Jerry: I know the case was argued on November 8, and the stakes are quite high. It’s a vexing area for employers. It’s a challenging area for judges and lawyers. What were your takeaways from the oral argument, and what employers ought to know about the issues that were argued over that day before the California Supreme Court?

Eden: Overall, it was an uplifting oral argument for employers, which, as you know, can be a little bit unusual out here. On the downside, several justices, including justices Liu and Jenkins, express some skepticism about whether a trial court’s inherent powers allow it to outright strike or dismiss an entire PAGA action for lack of manageability. Justice Liu commented that permitting trial courts such wide-ranging power could shortchange the PAGA statute, unless there’s an overriding constitutional interest. On that point several justices acknowledged that an employer has a due process right to present evidence to support its affirmative defenses, and that in certain cases that evidence might require a series of mini trials over a period of years and wholly consume a trial court’s resources. Justice Kruger asked questions of Estrada’s counsel about the impracticability of requiring trial courts to consume years of time and resources in that manner. Justice Groban also expressed concern about a PAGA case, for example, where you have multiple labor code violations alleged, hundreds or even thousands of employees at issue, different work sites, different types of employees ranging from janitors to accountants, and he asked why, in such a case a trial court could not just limit the case to the accountants only, and other justices raised similar concerns. Chief Justice Guerrero asked Estrada’s counsel why the answer shouldn’t just be that trial courts have this broad discretion and that it’s just something that’s going to be subject to appellate review.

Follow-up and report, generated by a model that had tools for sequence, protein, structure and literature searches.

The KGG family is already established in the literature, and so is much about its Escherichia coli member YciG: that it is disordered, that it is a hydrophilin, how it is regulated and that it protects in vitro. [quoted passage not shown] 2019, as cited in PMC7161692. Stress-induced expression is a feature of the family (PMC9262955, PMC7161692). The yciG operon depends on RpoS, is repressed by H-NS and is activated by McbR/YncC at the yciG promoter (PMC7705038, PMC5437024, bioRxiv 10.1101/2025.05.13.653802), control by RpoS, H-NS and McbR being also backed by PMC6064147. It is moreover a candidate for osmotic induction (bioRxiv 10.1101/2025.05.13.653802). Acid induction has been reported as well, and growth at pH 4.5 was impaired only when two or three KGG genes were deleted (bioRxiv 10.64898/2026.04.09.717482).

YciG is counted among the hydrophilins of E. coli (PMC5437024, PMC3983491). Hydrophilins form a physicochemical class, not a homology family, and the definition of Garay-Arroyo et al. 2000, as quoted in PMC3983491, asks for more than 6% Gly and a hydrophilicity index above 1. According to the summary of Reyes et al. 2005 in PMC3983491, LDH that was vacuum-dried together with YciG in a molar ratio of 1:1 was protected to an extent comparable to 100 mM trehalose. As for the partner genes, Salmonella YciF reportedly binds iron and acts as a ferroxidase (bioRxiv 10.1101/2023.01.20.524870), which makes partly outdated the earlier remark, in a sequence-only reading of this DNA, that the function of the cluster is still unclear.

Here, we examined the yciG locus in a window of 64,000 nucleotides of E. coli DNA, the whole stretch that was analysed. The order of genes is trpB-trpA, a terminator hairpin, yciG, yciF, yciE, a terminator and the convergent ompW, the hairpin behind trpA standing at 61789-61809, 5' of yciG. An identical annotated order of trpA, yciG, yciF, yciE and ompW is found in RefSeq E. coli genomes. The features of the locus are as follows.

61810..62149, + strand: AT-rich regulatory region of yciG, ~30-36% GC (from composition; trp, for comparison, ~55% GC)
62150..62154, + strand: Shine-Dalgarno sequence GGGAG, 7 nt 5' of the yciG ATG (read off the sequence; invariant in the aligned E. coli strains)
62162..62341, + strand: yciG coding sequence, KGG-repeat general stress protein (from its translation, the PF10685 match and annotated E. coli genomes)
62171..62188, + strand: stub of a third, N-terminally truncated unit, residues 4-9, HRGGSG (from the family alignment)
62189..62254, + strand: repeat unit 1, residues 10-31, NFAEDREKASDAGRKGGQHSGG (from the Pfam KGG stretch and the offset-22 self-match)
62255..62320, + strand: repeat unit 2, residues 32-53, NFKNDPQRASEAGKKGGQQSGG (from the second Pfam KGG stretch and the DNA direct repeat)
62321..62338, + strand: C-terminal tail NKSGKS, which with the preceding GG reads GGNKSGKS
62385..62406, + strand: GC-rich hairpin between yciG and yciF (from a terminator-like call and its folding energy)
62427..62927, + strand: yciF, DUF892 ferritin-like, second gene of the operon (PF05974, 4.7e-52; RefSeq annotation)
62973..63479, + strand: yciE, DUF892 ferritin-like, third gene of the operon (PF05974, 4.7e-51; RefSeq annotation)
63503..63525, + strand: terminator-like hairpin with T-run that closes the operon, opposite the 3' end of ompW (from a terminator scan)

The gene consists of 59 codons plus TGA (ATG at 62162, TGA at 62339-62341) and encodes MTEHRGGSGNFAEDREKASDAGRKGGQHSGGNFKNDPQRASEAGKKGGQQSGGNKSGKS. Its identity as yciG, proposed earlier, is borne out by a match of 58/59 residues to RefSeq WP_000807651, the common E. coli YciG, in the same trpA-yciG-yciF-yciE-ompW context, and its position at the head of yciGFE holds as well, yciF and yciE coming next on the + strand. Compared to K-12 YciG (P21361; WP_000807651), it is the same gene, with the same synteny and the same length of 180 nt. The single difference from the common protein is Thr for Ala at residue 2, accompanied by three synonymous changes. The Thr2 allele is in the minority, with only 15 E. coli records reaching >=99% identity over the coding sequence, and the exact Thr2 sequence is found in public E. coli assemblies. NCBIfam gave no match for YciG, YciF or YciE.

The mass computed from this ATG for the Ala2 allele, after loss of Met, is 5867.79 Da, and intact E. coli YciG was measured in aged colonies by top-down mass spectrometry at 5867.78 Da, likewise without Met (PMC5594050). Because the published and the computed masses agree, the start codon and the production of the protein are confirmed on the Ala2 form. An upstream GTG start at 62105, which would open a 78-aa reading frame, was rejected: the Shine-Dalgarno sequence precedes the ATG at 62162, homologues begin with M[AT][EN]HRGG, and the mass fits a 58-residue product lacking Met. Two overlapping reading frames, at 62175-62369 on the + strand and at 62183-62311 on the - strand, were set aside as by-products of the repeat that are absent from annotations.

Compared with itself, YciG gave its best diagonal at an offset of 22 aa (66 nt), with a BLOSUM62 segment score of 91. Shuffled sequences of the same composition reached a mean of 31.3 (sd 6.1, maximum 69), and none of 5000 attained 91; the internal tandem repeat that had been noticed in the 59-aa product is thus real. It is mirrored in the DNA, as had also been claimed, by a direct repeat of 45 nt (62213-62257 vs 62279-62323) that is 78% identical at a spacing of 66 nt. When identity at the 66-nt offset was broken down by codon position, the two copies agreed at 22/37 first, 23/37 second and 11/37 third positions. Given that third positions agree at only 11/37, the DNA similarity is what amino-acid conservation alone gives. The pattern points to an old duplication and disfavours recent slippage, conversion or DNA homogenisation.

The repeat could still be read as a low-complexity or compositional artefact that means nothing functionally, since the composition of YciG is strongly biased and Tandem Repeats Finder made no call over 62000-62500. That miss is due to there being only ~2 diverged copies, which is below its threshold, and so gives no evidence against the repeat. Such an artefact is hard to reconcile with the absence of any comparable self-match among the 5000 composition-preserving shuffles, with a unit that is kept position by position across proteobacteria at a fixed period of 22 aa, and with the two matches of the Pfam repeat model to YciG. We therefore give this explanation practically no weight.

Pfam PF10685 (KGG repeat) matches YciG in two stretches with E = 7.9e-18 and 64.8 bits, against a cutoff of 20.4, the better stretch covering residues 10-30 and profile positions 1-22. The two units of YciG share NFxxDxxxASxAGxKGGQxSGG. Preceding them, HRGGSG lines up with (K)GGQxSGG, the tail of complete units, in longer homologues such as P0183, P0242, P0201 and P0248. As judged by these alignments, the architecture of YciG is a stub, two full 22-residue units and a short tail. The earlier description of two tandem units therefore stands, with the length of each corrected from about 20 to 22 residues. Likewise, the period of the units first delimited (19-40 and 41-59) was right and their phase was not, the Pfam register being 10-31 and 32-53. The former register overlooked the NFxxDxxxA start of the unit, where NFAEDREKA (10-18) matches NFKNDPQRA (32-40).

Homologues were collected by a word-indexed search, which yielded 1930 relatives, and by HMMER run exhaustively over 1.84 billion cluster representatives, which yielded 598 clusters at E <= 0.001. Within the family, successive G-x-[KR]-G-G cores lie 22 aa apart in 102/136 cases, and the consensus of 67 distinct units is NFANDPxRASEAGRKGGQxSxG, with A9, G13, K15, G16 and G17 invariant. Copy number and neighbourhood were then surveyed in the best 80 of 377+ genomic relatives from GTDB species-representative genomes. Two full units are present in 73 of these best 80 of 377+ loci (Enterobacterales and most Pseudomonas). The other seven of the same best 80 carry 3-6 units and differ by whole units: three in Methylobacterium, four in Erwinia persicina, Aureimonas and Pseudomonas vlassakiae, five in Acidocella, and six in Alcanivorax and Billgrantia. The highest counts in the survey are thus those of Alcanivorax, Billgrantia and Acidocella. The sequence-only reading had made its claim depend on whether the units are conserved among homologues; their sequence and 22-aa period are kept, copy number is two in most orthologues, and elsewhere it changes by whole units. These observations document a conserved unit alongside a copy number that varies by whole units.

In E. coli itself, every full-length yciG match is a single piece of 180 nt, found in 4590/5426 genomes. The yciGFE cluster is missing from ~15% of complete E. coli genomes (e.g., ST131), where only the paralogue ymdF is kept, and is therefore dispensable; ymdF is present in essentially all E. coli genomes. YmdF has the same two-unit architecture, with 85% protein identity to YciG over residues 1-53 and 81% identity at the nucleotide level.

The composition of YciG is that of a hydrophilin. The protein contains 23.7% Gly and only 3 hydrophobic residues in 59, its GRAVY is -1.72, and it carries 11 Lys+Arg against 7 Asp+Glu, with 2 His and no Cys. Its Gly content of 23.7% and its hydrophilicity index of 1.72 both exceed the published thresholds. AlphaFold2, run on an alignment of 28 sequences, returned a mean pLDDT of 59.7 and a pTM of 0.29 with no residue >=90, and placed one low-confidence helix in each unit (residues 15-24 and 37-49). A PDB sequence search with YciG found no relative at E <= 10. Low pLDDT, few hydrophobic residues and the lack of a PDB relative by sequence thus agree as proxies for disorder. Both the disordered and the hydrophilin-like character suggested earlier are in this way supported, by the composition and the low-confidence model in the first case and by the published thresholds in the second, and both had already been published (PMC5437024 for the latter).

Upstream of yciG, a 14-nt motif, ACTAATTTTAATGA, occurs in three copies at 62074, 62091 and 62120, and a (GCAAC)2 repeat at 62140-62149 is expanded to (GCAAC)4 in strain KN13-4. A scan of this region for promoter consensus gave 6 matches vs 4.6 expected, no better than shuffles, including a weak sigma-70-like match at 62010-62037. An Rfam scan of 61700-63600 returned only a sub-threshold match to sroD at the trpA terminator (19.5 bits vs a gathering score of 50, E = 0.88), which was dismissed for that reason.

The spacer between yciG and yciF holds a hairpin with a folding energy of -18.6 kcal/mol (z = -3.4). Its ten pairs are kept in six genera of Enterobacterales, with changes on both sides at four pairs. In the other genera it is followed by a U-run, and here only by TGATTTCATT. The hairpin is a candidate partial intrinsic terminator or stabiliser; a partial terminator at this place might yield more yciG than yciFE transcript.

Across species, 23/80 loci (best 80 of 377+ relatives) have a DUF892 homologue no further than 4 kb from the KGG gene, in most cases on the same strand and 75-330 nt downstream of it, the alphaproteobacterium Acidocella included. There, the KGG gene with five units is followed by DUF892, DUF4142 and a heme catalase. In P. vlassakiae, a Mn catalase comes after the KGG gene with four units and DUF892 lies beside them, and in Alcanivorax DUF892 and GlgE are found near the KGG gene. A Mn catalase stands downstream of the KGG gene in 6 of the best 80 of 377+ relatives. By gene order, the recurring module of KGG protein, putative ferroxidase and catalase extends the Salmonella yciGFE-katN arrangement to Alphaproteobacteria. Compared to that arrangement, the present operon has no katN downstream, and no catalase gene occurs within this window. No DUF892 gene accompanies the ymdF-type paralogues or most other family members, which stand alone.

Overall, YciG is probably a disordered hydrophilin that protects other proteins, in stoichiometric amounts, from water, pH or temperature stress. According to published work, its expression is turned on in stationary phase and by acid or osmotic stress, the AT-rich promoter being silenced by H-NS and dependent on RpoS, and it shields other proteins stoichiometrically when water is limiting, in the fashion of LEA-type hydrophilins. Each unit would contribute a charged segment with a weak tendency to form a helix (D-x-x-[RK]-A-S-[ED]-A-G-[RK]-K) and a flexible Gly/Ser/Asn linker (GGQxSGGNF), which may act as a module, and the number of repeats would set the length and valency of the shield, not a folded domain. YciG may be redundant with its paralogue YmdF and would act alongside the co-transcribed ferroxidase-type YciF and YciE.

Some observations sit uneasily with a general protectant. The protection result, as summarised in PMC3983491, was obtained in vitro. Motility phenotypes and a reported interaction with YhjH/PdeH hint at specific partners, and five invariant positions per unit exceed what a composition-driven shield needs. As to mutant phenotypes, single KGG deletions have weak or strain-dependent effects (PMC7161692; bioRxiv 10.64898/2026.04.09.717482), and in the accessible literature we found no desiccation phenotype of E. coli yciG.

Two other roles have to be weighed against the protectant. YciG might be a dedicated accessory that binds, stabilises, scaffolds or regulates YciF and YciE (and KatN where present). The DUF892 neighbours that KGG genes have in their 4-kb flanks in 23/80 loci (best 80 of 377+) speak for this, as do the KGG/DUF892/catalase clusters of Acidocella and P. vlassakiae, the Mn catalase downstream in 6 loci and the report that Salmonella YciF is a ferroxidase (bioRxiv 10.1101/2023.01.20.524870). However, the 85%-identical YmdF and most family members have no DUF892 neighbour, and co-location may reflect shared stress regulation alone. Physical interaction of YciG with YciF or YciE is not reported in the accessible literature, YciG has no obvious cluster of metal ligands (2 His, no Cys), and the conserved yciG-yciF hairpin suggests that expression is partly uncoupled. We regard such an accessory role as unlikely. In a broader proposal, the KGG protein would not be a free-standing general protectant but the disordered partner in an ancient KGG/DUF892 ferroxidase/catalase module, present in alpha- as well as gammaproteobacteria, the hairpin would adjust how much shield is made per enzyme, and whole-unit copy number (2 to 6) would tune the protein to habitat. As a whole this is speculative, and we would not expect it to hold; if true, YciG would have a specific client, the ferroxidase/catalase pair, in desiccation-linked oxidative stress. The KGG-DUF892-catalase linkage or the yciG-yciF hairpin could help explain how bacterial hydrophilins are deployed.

Jerry: It’s often said that California is the toughest venue in the United States to be an employer and litigate cases in courtrooms there. I suspect the answer is a little more nuanced, since every case is different. But given your expertise in this area and your thought leadership, do you have any prognostications for employers as to the outcome of the Estrada case and the California Supreme Court?

Eden: Yeah, given the constellation of comments from the justices, the court may hold that trial courts have an inherent authority to protect an employer’s due process rights, and that such power necessarily encompasses the right to gauge the manageability of PAGA claims, and to narrow them down as to whether that authority includes outright dismissal of an entire PAGA case. Employers are going to have to wait and see – a decision has to issue within 90 days, so we will soon know the answer.

Jerry: Well, in following the dockets of filings in all the states as we do, I think the number one case being filed these days by the plaintiffs’ bar are PAGA representative actions. So this particular decision certainly has the potential to be a game changer in the landscape of legal liability, especially in California. Well, thank you so much, Eden, and thank you to our loyal blog listeners for another edition and participation in our Class Action Weekly Wire.

Eden: Thank you for having me, Jerry, and thank you listeners.

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The opinions expressed on this blog are those of the author and are not to be construed as legal advice.